Books on .Net

Discussion in 'ASP .Net' started by Gabriele, Jun 11, 2007.

  1. Gabriele

    Gabriele Guest

    I would like to learn .Net framework in order to develop an hybryd
    system.
    I do have solid knowledge of general programming with some languages.
    I may need information about:

    Desktop GUI programming on .Net
    Web Application development with Asp.Net
    Handling Database with .Net

    DBMS used is not yet decided, but i believe it will most probably be
    PostGreSQL as MS SQL Server cost a lot and does not provide anything
    new while MySQL miss important stuff.
    Language will surely be C# as i have an inner antipathy against VB
    style and i have a quite strong experience with C sintax (both in C++
    and Java).

    Could you suggest some good books to learn the above (possibly 2
    books, with the database components explained inside the others).
    About the style of the books I do prefere a content rich, professional
    approach (review of many components, explaination of inner workings,
    notes about security and performance) against a sample-code rich,
    basic tutorial approach (a few samples are appreciated thought).
    Gabriele, Jun 11, 2007
    #1
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  2. Gabriele

    Mark Rae Guest

    "Gabriele" <> wrote in message
    news:...

    > I would like to learn .Net framework


    I suggest you start here: http://www.asp.net/Tutorials/quickstart.aspx for
    the ASP.NET stuff...

    > DBMS used is not yet decided, but i believe it will most probably be
    > PostGreSQL as MS SQL Server cost a lot and does not provide anything
    > new while MySQL miss important stuff.


    SQL Server Express is free: http://msdn.microsoft.com/vstudio/express/sql/
    and the .NET Framework already comes with a free native .NET data provider
    for it (SqlClient).

    There is a free .NET provider for PostGreSQL:
    http://gborg.postgresql.org/project/npgsql/projdisplay.php but I've heard
    that it's not particuarly good...

    There are also commercial offerings: http://www.sqlsummit.com/DataProv.htm

    Do not even consider using OleDb or, even worse, ODBC...

    > Language will surely be C# as i have an inner antipathy against VB
    > style and i have a quite strong experience with C sintax (both in C++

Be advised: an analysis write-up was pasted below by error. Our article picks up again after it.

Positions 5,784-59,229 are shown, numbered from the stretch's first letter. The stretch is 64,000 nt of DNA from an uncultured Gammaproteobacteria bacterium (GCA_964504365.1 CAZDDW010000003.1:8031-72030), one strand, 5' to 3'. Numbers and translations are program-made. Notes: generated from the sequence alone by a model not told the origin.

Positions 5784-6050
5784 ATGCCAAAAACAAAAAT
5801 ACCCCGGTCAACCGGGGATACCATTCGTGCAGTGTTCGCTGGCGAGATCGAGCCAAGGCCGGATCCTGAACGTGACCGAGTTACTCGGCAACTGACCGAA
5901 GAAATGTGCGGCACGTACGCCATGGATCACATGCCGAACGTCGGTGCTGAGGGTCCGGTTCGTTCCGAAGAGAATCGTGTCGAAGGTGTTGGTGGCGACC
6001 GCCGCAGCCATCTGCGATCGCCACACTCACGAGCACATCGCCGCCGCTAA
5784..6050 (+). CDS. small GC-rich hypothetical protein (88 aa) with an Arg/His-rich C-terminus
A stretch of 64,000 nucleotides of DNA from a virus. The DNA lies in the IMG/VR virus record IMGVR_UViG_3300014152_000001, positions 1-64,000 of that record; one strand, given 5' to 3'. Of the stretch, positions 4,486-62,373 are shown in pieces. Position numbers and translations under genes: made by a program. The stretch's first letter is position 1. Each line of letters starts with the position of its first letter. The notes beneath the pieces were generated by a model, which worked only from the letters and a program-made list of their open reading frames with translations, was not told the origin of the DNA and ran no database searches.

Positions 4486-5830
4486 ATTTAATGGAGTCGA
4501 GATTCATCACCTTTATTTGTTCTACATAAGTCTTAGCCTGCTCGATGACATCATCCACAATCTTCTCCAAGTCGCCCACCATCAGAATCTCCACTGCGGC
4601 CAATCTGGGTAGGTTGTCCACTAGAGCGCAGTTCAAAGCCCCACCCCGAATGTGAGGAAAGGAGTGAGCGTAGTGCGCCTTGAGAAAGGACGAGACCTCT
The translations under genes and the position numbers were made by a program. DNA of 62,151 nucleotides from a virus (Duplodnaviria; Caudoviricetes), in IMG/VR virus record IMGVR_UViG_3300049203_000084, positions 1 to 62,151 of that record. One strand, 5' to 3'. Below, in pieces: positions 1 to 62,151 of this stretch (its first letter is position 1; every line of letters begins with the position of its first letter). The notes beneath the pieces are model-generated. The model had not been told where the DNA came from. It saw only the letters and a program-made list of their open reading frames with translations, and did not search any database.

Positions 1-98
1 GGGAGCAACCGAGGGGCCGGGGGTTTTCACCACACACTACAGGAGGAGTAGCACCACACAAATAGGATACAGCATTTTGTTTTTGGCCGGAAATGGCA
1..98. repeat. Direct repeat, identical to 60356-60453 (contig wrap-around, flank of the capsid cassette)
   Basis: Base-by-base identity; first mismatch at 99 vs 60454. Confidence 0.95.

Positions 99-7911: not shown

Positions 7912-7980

> and Java).


    If you have experience with C++ you will not find the C# syntax particularly
    difficult.

    However, the main learning curve will be the .NET Framework itself...


    --
    http://www.markrae.net
    Mark Rae, Jun 11, 2007
    #2
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  3. Gabriele

    Gabriele Guest

    > > DBMS used is not yet decided, but i believe it will most probably be
    > > PostGreSQL as MS SQL Server cost a lot and does not provide anything
    > > new while MySQL miss important stuff.

    >
    > SQL Server Express is free:http://msdn.microsoft.com/vstudio/express/sql/
    > and the .NET Framework already comes with a free native .NET data provider
    > for it (SqlClient).


    I may consider it but SQL Server Express is probably not suitable for
    medium to high load so it is going to be nice for testing and
    development but probably won't be enough for deployment (maybe just at
    the beginning).
    I should take a look at the impact on the hosting costs for a SQL
    Server service.

    Anyway, the native .Net data provider for SQL Server should be quite
    good, i wonder.

    > There is a free .NET provider for PostGreSQL:http://gborg.postgresql.org/project/npgsql/projdisplay.phpbut I've heard
    > that it's not particuarly good...


    Good to know.

    > Do not even consider using OleDb or, even worse, ODBC...


    Is it so bad? I didn't know.
    Gabriele, Jun 11, 2007
    #3
  4. Gabriele

    Mark Rae Guest

    "Gabriele" <> wrote in message
    news:...

    > I may consider it but SQL Server Express is probably not suitable


    There's no doubt at all that you (don't) get what you (don't) pay for:
    http://www.microsoft.com/sql/prodinfo/features/compare-features.mspx
    http://www.microsoft.com/sql/editions/express/features.mspx
    http://searchsqlserver.techtarget.com/tip/1,289483,sid87_gci1082707,00.html
    http://www.teratrax.com/articles/sql_server_2005_express.html

    > nice for testing and development


    I use this: http://www.microsoft.com/sql/editions/developer/default.mspx

    > Anyway, the native .Net data provider for SQL Server should be quite
    > good


    Well, it's made by the same people who make the operating system, the .NET
    Framework and the RDBMS itself... :)

    >> Do not even consider using OleDb or, even worse, ODBC...

    >
    > Is it so bad? I didn't know.


    Performance is the main drawback - a native .NET data provider (especially
    SqlClient) talks directly to TDS, thereby bypassing all the layers that
    OleDb and especially ODBC have to use...


    --
    http://www.markrae.net
    Mark Rae, Jun 11, 2007
    #4
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